San Francisco: Now, more like everyplace else
(Page 2 of 2)
The city's reputation has fed on itself, making it a magnet for nonconformists of almost every stripe. But aiding all that was relatively low housing costs, at least until recently.Skip to next paragraph
Subscribe Today to the Monitor
Dave Snyder's story is typical. The Washington transplant came to San Francisco in 1989, lured like thousands of others by the city's reputation for progressive politics and social tolerance.
"I could rent a place for $285 per month and so was able to devote my time to starting up the San Francisco Bicycle Coalition," he says.
That organization has gone on to be a leader in the national movement to make streets friendlier to bicyclists, thanks in part to the fact that Mr. Snyder could afford to support himself in San Francisco with part-time work and full-time devotion to nonprofit social activism.
"No way I could do that today," says Snyder, whose organization is threatened with eviction in six months because of a planned 300 percent hike in rent.
The same phenomenon of low rents, attractive geography, and the city's counterculture mystique has drawn a high number of artists, musicians, and writers - and the nonprofit groups and organizations that support them.
Debra Walker, a painter, a member of the city's Building Inspection Commission, and antigrowth activist, relocated here in 1981 and remembers the lure vividly. "I felt I could just breathe in and feel creatively energized. It's a kind of creative ecosystem that really doesn't exist anywhere else in terms of the number of nonprofit galleries, nonprofit dance companies, performance groups, and arts organizations."
That range of organizations makes up a historic, and now threatened, part of the city's fabric, say a number of analysts.
"The perception is pretty clear that the soul of San Francisco is in jeopardy," says Richard Deleon, author of "Left Coast City," and a political scientist at San Francisco State University. "Not just the physical attributes of the city - its historic architecture and so on - but also the preservation of the avant-garde, nonconformist traditions of the people of San Francisco."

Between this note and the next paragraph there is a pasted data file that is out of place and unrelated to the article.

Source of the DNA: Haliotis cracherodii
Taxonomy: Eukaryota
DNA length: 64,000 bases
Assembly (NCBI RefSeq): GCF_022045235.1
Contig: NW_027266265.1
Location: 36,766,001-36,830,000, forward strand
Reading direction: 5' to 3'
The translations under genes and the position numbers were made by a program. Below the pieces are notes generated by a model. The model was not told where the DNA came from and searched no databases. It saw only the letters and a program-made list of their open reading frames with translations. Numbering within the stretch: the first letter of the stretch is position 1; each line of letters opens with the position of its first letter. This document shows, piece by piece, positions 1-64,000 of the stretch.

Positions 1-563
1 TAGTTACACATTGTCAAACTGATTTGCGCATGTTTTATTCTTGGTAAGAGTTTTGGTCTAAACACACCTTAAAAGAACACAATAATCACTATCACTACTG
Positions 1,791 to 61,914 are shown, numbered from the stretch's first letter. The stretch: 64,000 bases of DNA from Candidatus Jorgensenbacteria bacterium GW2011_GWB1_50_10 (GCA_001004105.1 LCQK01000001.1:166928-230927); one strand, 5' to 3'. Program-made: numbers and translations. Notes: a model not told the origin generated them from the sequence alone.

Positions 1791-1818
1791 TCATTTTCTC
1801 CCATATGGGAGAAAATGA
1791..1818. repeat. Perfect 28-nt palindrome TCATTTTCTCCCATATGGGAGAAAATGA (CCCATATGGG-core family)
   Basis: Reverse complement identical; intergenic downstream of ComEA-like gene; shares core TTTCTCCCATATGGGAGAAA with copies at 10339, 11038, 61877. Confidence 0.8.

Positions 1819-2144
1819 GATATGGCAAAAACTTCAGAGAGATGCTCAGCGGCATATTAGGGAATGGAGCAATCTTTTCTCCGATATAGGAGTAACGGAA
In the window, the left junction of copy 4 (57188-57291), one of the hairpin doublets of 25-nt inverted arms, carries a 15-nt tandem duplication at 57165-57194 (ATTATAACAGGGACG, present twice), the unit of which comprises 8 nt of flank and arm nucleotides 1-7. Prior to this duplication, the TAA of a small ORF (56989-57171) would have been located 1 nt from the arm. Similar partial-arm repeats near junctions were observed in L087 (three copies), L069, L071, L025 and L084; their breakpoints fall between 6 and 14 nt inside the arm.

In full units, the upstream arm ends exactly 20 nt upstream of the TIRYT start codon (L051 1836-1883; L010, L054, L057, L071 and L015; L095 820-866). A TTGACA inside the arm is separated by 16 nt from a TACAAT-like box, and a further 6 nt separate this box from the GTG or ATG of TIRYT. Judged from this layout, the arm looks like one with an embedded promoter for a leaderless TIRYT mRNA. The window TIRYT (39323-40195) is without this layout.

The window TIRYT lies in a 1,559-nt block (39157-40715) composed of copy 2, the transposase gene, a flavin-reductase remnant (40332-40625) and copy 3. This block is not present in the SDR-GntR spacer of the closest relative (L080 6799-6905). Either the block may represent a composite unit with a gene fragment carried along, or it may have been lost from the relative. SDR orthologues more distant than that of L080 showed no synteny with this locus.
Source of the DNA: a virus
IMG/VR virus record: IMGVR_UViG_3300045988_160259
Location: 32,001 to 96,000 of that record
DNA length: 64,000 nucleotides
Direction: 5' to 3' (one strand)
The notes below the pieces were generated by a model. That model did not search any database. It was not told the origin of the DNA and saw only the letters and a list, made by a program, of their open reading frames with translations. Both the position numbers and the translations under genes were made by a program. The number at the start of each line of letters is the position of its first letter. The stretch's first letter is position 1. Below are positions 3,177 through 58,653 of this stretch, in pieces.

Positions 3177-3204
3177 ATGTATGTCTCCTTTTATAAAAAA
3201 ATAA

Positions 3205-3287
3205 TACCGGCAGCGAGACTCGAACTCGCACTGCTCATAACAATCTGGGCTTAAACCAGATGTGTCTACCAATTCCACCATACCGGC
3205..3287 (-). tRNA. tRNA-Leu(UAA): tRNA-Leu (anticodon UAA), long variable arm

Beat poet Lawrence Ferlinghetti, a longtime resident of San Francisco, says the city is losing the spirit that has made it a "frontier for free poetic life."
True, a revitalized waterfront, a new baseball park, and glittering entertainment complexes will only add to the city's traditional attractions like cable cars, Alcatraz, and the Golden Gate Bridge. Yet for many, that is just a veneer.
"People come here to rub up against the edge, and we're getting gentrified into something you can find in any city in the country," says Krissy Kefer, artistic director of the Dance Mission.
Mayor Willie Brown and his former mayoral opponent, Supervisor Tom Ammiano, have come up with dueling plans offering various forms of financial help to nonprofits. And then there are the two growth-control ballot measures. But some say an answer must go deeper.
"The solution to the problem is really difficult, but I think will only be found by empowering the people to take control of the planning process," says Snyder.
That kind of cry for greater "people power" still has resonance and muscle here. But the clear perception is that the city's balance of power has shifted to developers and commercial interests, and that "people power" here is in danger.
(c) Copyright 2000. The Christian Science Publishing Society